Readers React: Is Trump plunging the world into a new nuclear arms race?

President Trump delivers his State of the Union address, flanked by Vice President Mike Pence and House Speaker Nancy Pelosi, on Feb. 5.
(Doug Mills / AFP/Getty Images)

To the editor: There was something in President Trump’s State of the Union address Tuesday night that shook me, but your coverage of the address seems to have largely missed it.

When I was a school kid, we were occasionally instructed to hide under our desk as a safety measure in case of a nuclear attack. The United States was in a nuclear arms race that my generation felt was out of control. It took until the Reagan administration before we signed a treaty with the Soviet Union on intermediate-range nuclear missiles.

On Tuesday, Trump seemed to forecast a new nuclear arms race. He said: “I announced that the United States is officially withdrawing from the Intermediate-Range Nuclear Forces Treaty, or INF Treaty. Perhaps we can negotiate a different agreement, adding China and others, or perhaps we can’t — in which case, we will outspend and out-innovate all others by far.”

Are we going to “outspend and out-innovate all others by far” once we finalize our withdrawal from the treaty? If so, isn’t that a new nuclear arms race?


Joe Geever, Long Beach


To the editor: CBS coverage following the State of the Union address noted approval ratings of 76% for the speech. None of the five articles in Wednesday’s print edition of the Los Angeles Times referenced this important piece of news about the address.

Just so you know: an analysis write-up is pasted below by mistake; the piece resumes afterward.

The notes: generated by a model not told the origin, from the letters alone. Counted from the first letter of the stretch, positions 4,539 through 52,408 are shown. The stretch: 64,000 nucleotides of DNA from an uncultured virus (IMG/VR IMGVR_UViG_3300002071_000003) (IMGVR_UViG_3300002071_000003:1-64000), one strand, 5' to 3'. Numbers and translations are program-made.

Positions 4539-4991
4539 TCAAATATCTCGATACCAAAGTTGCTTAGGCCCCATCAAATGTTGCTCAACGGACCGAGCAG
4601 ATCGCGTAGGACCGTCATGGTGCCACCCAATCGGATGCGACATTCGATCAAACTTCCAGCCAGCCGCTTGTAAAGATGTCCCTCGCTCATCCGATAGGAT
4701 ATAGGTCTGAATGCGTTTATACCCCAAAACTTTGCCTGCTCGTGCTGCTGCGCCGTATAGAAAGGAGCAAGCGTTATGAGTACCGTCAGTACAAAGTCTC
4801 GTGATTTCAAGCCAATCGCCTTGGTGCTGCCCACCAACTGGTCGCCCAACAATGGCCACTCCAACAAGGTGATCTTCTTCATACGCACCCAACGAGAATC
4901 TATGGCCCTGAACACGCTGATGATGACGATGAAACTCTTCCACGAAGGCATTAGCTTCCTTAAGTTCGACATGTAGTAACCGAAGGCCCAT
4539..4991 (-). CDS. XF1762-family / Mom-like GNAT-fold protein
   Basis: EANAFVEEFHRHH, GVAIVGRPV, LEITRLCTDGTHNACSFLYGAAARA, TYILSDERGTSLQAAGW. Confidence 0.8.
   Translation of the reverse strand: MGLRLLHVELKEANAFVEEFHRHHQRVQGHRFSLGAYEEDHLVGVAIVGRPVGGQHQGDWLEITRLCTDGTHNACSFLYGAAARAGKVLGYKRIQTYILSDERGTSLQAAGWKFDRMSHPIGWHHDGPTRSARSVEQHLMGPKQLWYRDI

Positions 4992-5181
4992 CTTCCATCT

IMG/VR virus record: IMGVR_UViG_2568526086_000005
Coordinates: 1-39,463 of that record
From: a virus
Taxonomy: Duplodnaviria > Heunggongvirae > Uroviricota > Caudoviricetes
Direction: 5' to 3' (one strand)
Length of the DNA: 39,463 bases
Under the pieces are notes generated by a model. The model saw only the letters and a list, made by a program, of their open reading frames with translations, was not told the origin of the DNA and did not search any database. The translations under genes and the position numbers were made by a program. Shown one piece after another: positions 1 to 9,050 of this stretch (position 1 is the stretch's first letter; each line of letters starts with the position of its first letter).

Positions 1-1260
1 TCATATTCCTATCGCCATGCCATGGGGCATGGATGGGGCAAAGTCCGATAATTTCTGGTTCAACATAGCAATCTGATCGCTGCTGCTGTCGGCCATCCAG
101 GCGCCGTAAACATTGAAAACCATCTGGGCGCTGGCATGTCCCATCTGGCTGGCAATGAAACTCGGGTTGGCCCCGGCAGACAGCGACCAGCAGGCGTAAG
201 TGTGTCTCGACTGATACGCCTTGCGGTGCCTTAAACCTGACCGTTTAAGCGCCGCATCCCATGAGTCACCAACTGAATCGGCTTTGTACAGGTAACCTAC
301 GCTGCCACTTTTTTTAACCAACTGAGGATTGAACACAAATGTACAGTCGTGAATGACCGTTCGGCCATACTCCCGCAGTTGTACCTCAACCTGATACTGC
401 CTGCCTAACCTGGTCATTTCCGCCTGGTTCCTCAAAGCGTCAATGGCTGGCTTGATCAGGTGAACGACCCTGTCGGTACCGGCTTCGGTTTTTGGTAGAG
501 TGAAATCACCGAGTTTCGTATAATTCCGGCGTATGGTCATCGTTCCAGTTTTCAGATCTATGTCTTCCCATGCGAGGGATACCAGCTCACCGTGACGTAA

But, of course, each article in the L.A. Times put a negative spin on the speech.


Dennis McLaughlin, Rancho Palos Verdes


To the editor: Trump suggested that the success of his economic miracle is being threatened by “partisan investigations.” His statement, as is often the case with him, is manifestly untrue.

Trump, a Republican, appointed Jeff Sessions, a Republican, as his attorney general; after Sessions’ recusal due to his involvement in the 2016 campaign, his duties fell to Deputy Atty. Gen. Rod Rosenstein, also a Republican, who then appointed Robert S. Mueller III as special counsel.

Mueller, a lifelong Republican, had previously served as FBI director, appointed in 2001 by President George W. Bush, also a Republican. Where are the partisan Democrats?

Noel Johnson, Glendale

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